Article 29 Working Party Publishes Statement on the Risk-Based Approach to Data Protection

By on June 24, 2014
Posted In Data Privacy

On May 30, 2014, the European Union’s Article 29 Data Protection Working Party adopted “Statement on the role of a risk-based approach in data protection legal frameworks” (WP281).  The Working Party, made up of EU member state national data protection authorities, confirmed its support for a risk-based approach in the EU data protection legal framework, particularly in relation to the proposed reform of the current data protection legislation.  However, with a view to “set the record straight,” the Working Party also addresses its concerns as to the interpretation of such an approach and sets out its “key messages” on the issue.

Approaching Risk

In support of the risk-based approach, which broadly calls for increased obligations proportionate to the risks involved in data processing, the Working Party sets out examples of its application in the current Data Protection Directive (95/46/EC) and the proposed General Data Protection Regulation.  The Working Party confirms that the risk-based approach must result in the same level of protection for data subjects, no matter the size of the particular organisation or the amount of data processed.  However, the Working Party clarifies that the risk-based approach should not be interpreted as an alternative to established data protection rights, but instead a “scalable and proportionate approach to compliance.”  Consequently, the Working Party accepts that low-risk data processing may involve less stringent obligations on data controllers than comparatively high-risk data processing.

Key Messages

To conclude its views on the risk-based approach, the Working Party establishes 13 key messages – in summary:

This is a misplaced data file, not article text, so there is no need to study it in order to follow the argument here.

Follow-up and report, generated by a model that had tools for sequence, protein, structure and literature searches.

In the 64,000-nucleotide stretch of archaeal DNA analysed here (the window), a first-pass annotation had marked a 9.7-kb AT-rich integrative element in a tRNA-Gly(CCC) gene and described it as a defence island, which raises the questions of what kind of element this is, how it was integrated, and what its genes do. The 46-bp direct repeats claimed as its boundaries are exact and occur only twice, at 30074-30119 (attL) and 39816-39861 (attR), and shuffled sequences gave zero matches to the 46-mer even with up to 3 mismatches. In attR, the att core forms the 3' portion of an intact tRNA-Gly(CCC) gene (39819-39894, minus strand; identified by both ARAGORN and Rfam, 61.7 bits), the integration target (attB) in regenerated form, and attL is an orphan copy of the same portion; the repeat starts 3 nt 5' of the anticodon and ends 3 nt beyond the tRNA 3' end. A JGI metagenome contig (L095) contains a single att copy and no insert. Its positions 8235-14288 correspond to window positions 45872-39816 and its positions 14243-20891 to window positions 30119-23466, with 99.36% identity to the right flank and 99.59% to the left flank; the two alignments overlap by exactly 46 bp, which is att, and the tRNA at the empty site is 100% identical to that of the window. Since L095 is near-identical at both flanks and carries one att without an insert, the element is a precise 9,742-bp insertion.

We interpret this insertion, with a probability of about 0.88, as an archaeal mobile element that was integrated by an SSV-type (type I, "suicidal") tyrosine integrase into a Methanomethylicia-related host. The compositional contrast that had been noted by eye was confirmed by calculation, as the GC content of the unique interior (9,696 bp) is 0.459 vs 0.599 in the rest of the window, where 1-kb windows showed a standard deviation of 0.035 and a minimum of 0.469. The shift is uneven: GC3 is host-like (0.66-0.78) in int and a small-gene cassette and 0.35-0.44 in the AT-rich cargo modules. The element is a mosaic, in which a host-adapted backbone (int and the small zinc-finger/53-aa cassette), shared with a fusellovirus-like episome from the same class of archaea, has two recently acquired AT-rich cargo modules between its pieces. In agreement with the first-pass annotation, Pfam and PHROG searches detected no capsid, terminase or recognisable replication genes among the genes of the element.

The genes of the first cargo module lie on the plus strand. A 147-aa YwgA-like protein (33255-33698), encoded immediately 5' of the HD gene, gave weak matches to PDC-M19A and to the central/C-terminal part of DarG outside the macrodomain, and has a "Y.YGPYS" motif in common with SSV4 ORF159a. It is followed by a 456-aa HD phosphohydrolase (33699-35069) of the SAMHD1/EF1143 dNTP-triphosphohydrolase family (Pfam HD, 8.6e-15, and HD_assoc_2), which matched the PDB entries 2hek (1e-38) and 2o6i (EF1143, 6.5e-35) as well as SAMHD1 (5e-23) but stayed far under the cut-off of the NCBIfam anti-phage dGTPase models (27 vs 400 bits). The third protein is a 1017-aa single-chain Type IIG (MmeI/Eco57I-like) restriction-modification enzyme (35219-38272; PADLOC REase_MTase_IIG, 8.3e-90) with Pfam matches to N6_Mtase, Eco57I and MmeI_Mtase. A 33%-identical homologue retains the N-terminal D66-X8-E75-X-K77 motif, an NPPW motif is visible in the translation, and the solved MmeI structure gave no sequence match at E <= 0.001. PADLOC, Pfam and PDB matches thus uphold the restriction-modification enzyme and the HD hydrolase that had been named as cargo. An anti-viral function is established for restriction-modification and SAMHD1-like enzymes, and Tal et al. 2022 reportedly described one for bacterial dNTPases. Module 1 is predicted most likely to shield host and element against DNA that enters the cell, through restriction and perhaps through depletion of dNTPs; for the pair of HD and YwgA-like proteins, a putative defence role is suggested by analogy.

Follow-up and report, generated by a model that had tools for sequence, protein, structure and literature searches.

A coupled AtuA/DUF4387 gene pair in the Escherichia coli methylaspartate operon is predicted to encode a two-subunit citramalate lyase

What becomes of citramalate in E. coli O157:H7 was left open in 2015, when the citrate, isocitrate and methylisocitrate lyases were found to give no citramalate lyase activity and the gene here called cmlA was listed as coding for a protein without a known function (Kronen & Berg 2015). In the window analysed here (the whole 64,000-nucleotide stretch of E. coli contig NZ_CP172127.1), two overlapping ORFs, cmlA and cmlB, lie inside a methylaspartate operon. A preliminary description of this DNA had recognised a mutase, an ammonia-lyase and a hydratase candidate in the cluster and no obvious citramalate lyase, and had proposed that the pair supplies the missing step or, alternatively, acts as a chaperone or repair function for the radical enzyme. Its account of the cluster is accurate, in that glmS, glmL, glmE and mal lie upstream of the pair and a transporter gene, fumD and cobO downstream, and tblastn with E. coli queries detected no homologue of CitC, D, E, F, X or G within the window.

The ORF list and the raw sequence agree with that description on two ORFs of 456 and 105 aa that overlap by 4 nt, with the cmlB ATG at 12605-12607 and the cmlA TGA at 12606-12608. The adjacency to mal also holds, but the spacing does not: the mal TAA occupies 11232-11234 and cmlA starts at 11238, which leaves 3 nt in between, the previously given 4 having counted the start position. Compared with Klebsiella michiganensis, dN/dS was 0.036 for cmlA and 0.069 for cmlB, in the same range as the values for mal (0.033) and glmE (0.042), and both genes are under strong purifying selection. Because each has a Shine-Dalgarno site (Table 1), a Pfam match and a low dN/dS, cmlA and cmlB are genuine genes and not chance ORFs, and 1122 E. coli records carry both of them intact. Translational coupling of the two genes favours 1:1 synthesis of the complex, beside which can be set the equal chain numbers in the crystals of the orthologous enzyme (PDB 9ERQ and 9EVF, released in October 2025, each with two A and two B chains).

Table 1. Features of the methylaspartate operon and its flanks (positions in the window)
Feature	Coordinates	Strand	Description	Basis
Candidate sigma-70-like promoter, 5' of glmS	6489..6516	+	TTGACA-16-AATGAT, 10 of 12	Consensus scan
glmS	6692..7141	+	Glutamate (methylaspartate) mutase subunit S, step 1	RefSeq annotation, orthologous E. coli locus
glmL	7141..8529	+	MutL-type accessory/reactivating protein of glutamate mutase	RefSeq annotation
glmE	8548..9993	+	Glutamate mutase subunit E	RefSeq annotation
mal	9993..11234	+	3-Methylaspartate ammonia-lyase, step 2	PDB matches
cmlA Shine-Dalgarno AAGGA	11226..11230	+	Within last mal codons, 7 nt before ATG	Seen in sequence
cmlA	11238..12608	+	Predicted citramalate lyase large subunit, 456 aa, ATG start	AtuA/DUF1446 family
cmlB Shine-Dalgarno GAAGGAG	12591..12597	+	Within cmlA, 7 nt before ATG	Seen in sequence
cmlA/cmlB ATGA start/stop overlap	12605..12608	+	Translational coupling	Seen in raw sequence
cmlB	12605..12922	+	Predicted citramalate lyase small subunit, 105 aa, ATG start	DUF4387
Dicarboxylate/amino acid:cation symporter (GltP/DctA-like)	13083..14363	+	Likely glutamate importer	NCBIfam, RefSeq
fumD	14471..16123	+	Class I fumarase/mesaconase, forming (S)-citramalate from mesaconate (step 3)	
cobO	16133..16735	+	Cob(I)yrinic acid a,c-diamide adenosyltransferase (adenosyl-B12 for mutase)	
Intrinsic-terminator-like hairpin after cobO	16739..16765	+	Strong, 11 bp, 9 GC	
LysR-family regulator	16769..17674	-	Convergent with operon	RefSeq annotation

1. Protection of personal data is a fundamental right and any processing should respect that right;
  2. Whatever the level of risk involved, data subjects’ legal rights should be respected;
  3. While the levels of accountability obligations can vary according to the risk of the processing, data controllers should always be able to demonstrate compliance with their data protections obligations;
  4. While fundamental data protection principles relating to data controllers should remain the same whatever the risks posed to data subjects, such principles are still inherently scalable;
  5. Accountability obligations should be varied according to the type and risk of processing involved;
  6. All data controllers should document their processing, although the form of documentation can vary according to the level of risk posed by the processing;
  7. Objective criteria should be used when determining risks which could potentially negatively impact a data subject’s rights, freedoms and interests;
  8. A data subject’s rights and freedoms primarily concerns the right to privacy, but also encompasses other fundamental rights, such as freedom of speech, thought and movement, prohibition on discrimination, and the right to liberty, conscience and religion;
  9. Where specific risks are identified, additional measures should be taken – data protection authorities should be consulted regarding highly risky processing;
  10. WHile pseudonymising techniques are important safeguards that can be taken into account when assessing compliance, such techniques alone do not justify a reduced regime on accountability obligations;
  11. The risk-based approach should be assessed on a very wide scale and take into account every potential/actual adverse effect;
  12. The legitimate interest pursued by data controllers or third parties is not relevant when assessing the risks for data subjects; and
  13. Under the proposed General Data Protection Regulation, data protection authorities will have an active role in respect of the risk-based approach, including inter alia developing guidelines on impact assessments and targeting enforcement activity on areas of greater risk.

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